Thanks for bearing with me on this long, rambling set of observations. Some are half-formed and I’d welcome comments or criticism. I’ve been accused of being “dangerously elliptical” so if I may have made some logical jumps. I’d be offended if you didn’t call me on them.

  1. hmmm… folks are just folks… i get what you’re saying and i guess on some intrinsic universal level people might have deep similarities – however since what exists internally is not the only thing that matters… folks aren’t just folks. i mean, so much of policy has been constructed around markers of difference – so on many levels it seems to matter just as much (more?) how folks are seen and treated as who they are inside. and how you’re seen and treated impacts your experience of yourself and the world, and transforms you.

    it’s hard to take the power dynamics out of the equation when you, the ‘white man with money’ or at least seen as such, as well as hetero, is in africa pronouncing that folks are just folks. it is a familiar story but i’m not sure who benefits from its telling or what some alternative (preferable?) frameworks would be.

    [these are just my initial thoughts on reading this page – p.s. i’ve been really enjoying your posts and glad to get to know you a little better though your observations and insights… keep it up friend!)


  2. Sabelo, you’re right, I am guilty of peddling an unoriginal narrative. Your point about about how the structures of the world impact people — I think that’s really important. In my mind, that builds on what I was trying to say. It’s the sequel, if you will. My point was simply that different cultures don’t arise because we’re inherently different kinds of people, or even because of random chance. That kind of thinking would suggest that “culture” is incomprehensible; it allows for lazy analysis, and that’s bad for social change movements and “development” efforts (whether they are working cross-culturally or not). Rather, (and this is your point) there are certain factors/incentives/power relationships in the world that shape people’s experiences. So if we want to understand a culture, we need to pay more attention to those elements — not on the transformation (as you put it) that results from them.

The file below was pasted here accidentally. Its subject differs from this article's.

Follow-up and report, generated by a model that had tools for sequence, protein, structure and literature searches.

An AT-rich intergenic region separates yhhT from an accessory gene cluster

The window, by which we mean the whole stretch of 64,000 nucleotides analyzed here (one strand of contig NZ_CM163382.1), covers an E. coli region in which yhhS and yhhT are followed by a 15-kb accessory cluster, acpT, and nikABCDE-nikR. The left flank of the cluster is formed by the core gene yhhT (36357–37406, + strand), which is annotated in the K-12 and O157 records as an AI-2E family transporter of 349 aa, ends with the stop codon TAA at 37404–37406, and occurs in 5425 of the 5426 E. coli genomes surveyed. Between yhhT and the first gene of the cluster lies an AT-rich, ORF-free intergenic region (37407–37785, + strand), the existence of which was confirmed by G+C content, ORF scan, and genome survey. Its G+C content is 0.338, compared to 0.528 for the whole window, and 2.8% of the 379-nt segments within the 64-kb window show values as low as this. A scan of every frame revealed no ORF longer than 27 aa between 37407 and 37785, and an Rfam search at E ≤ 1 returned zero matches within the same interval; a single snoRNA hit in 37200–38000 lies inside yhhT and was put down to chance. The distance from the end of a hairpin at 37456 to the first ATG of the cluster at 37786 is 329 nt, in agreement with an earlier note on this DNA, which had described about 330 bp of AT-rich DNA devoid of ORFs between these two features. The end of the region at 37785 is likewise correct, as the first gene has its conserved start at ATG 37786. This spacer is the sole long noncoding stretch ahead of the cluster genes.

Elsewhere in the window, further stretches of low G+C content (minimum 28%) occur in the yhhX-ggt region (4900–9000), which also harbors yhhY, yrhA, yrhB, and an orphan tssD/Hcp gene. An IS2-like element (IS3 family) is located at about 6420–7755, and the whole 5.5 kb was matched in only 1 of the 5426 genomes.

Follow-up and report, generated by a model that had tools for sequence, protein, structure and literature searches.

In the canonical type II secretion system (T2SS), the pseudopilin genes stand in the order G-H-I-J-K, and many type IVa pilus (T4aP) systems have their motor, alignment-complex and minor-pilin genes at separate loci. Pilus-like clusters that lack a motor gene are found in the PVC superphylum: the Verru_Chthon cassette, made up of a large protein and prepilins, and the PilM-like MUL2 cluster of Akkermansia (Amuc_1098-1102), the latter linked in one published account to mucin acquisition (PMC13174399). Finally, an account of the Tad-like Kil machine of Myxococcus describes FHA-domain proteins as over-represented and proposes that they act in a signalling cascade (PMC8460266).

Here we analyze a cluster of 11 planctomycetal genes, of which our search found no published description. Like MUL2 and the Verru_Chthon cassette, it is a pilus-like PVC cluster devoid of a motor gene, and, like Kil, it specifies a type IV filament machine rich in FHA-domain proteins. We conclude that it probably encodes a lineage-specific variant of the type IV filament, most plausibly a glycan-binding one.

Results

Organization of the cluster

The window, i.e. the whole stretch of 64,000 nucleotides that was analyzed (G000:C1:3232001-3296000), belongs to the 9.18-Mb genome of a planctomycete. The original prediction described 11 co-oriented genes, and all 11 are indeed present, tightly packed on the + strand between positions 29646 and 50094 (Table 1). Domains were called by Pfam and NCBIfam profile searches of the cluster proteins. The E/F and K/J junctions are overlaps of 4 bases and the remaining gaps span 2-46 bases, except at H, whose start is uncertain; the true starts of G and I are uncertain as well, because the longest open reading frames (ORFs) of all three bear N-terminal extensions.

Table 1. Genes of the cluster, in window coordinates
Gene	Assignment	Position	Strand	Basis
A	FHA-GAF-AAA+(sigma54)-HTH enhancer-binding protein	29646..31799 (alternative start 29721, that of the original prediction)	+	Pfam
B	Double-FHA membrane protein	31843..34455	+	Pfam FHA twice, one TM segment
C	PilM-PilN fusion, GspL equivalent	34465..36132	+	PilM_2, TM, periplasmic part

But I’m also going to defend my telling of the familiar story. Many people (myself included, at times) often have difficulty understanding why people do the things they do. It’s not just about Americans and Africans, or even people in differing positions of power (me vs. the banana salesman). Just listen to the way many of your liberal/progressive/Democratic friends talk about conservatives in the US, or how athiests talk about Christians, or vice versa on those. We often refuse to understand how someone else could believe what they believe. They’re incomprehensible to us. Again, it’s lazy analysis. I think we need to be reminded that we’re all wired in basically the same way. If someone reacts differently in similar situations, there’s some story behind why they do that.

    So yeah, it’s not the freshest narrative out there. I think it’s still worth repeating. To your last point about preferable frameworks: I’m working on it! Ask me again at the end of the summer. I’ll have it all figured out by then. 🙂 In the meantime, please do keep chiming it whenever I say something bone-headed!


  3. […] with the above posts. I do feel for him in one sense, because I’ve also recently been accused of simplifying reality for the sake of a narrative. All storytelling involves choices. Hopefully these recent criticisms […]


Leave a Reply

This site uses Akismet to reduce spam. Learn how your comment data is processed.

%d bloggers like this: